Postdoctoral fellow

Location
San Francisco, California
Salary
Commensurate with experience
Posted
March 15 2021
Position Type
Full Time
Organization Type
Academia
Job Type
Postdoc

Two to three funded postdoctoral positions are available in the Hasenstaub and Stryker laboratories at UCSF, to study A) the neural circuitry supporting cross-modal interactions in the mouse auditory and visual cortices and B) the mechanisms of sensory plasticity following interneuron precursor transplantation.  

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POST-DOCTORAL POSITIONS: CIRCUITRY SUPPORTING CROSS-MODAL INTERACTIONS IN THE MOUSE AUDITORY AND VISUAL CORTEX

The Hasenstaub lab is seeking one or two creative, productive, and motivated postdoctoral fellows to join an NIH-funded research project to study the circuit bases of behavioral and neural cross-modal interactions in the auditory and visual cortices.  Appointees will join a vibrant, interactive and diverse neuroscience community with frequent cross-group interactions including joint lab meetings, journal clubs, and many jointly mentored trainees.

Ideal candidates will be self-motivated, curious, enthusiastic, prepared to work in a collaborative environment, and committed to rigorous, reproducible science.  Experience in one or more of the relevant techniques is essential: these include behavioral training and psychophysical analyses, auditory and visual stimulus design, in vivo electrophysiology, in vitro patch clamp, theoretical and computational analysis, molecular circuit dissection tools (optogenetics, DREADDs, etc), and/or long-term manipulations of the sensory environment.  Experience with transgenic mouse lines, single-cell sequencing methods, and histology/anatomy will be helpful but is not required.  First-author publications (or manuscripts in press) are required, as well as interest and capacity to compete for postdoctoral fellowships.  We welcome candidates from diverse backgrounds.  

If you are interested, please check out these recent publications:

  • “Visual Information Present in Infragranular Layers of Mouse Auditory Cortex.” J Neurosci 2018 https://pubmed.ncbi.nlm.nih.gov/29440554/
  • “Cortical Interneurons Differentially Regulate the Effects of Acoustic Context.”  Cell Rep. 2017 https://pubmed.ncbi.nlm.nih.gov/28746863/
  • “Movement and VIP Interneuron Activation Differentially Modulate Encoding in Mouse Auditory Cortex.”  eNeuro, 2019 https://pubmed.ncbi.nlm.nih.gov/31481397/ 

To apply, please send CV and statement of interest to andrea.hasenstaub@ucsf.edu.

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POST-DOCTORAL POSITIONS: MECHANISMS OF SENSORY PLASTICITY FOLLOWING INTERNEURON PRECURSOR TRANSPLANTATION 

The labs of Andrea Hasenstaub and Michael Stryker are seeking one or two creative, productive, and motivated postdoctoral fellows to join an NIH-funded research project to study the circuit and cellular basis of sensory plasticity following transplantation of embryonic interneuron precursors into the postnatal brain (a joint project with Arturo Alvarez-Buylla). Appointees will join a vibrant, interactive and diverse neuroscience community with frequent cross-group interactions including joint lab meetings, journal clubs, and many jointly mentored trainees.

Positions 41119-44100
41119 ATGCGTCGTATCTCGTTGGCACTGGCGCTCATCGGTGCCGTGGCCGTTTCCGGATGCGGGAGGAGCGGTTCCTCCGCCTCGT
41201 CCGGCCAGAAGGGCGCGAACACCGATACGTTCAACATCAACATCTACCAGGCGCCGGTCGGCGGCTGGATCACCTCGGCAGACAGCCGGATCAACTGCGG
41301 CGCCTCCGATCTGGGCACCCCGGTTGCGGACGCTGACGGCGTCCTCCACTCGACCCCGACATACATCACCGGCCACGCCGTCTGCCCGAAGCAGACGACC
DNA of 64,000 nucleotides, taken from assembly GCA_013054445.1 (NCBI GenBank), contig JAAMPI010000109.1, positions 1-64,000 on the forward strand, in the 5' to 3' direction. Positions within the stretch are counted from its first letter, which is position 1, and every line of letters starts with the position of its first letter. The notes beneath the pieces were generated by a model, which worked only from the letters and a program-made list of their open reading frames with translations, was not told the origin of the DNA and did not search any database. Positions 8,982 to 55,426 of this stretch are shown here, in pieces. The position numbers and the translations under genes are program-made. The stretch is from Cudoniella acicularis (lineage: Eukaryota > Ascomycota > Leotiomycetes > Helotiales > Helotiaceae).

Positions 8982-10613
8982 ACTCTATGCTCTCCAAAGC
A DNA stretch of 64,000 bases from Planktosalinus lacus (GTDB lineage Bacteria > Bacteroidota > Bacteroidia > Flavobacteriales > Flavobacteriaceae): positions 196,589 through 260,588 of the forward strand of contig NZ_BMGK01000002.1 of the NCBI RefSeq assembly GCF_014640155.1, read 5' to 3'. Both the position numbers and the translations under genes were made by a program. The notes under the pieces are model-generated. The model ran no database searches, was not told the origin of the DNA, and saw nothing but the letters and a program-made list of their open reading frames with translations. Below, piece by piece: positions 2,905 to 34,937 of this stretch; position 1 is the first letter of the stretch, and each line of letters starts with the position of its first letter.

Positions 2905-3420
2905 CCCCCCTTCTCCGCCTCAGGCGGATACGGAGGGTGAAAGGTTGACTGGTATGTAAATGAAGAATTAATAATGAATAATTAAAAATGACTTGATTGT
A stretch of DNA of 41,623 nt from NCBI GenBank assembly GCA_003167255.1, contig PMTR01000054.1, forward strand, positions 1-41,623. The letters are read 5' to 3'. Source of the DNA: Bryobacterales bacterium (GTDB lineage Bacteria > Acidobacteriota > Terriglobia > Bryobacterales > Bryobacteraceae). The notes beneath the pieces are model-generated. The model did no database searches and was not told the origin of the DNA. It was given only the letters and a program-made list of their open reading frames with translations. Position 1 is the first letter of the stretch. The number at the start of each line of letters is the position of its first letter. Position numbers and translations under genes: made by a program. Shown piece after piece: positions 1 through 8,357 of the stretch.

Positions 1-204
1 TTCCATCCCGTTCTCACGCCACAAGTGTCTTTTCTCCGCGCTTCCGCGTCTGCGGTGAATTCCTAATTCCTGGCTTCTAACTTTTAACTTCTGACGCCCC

Ideal candidates will be self-motivated, curious, enthusiastic, prepared to work in a collaborative environment, and committed to rigorous, reproducible science. Experience in one or more of the relevant techniques is essential: these include in vivo electrophysiology, in vivo 2-photon imaging, in vitro patch clamp, theoretical and computational analysis, molecular circuit dissection tools (optogenetics, DREADDs, etc), and/or long-term manipulations of the sensory environment. Experience with transgenic mouse lines, single-cell sequencing methods, and histology/anatomy will be helpful but is not required. First-author publications (or manuscripts in press) are required, as well as interest and capacity to compete for postdoctoral fellowships. We welcome candidates from diverse backgrounds.  

If you are interested, please check out these recent publications: 

  • “Clustered gamma-protocadherins regulate cortical interneuron programmed cell death.” Elife, 2020 https://pubmed.ncbi.nlm.nih.gov/32633719/ 
  • “Transplanted Cells Are Essential for the Induction But Not the Expression of Cortical Plasticity”, J. Neurosci 2019 https://pubmed.ncbi.nlm.nih.gov/31391263/ 
  • “Vesicular GABA transporter is necessary for transplant-induced critical period plasticity in mouse visual cortex”, J. Neuroscience 2019 https://pubmed.ncbi.nlm.nih.gov/30705101/ 
  • “Development and long-term integration of MGE-lineage cortical interneurons in the heterochronic environment.” J. Neurophys, 2019 https://pubmed.ncbi.nlm.nih.gov/28356470/ 
  • “Caudal Ganglionic Eminence Precursor Transplants Disperse and Integrate as Lineage-Specific Interneurons but Do Not Induce Cortical Plasticity.” Cell Reports, 2016 https://pubmed.ncbi.nlm.nih.gov/27425623/ 

To apply, please send CV and statement of interest to andrea.hasenstaub@ucsf.edu and stryker@phy.ucsf.edu

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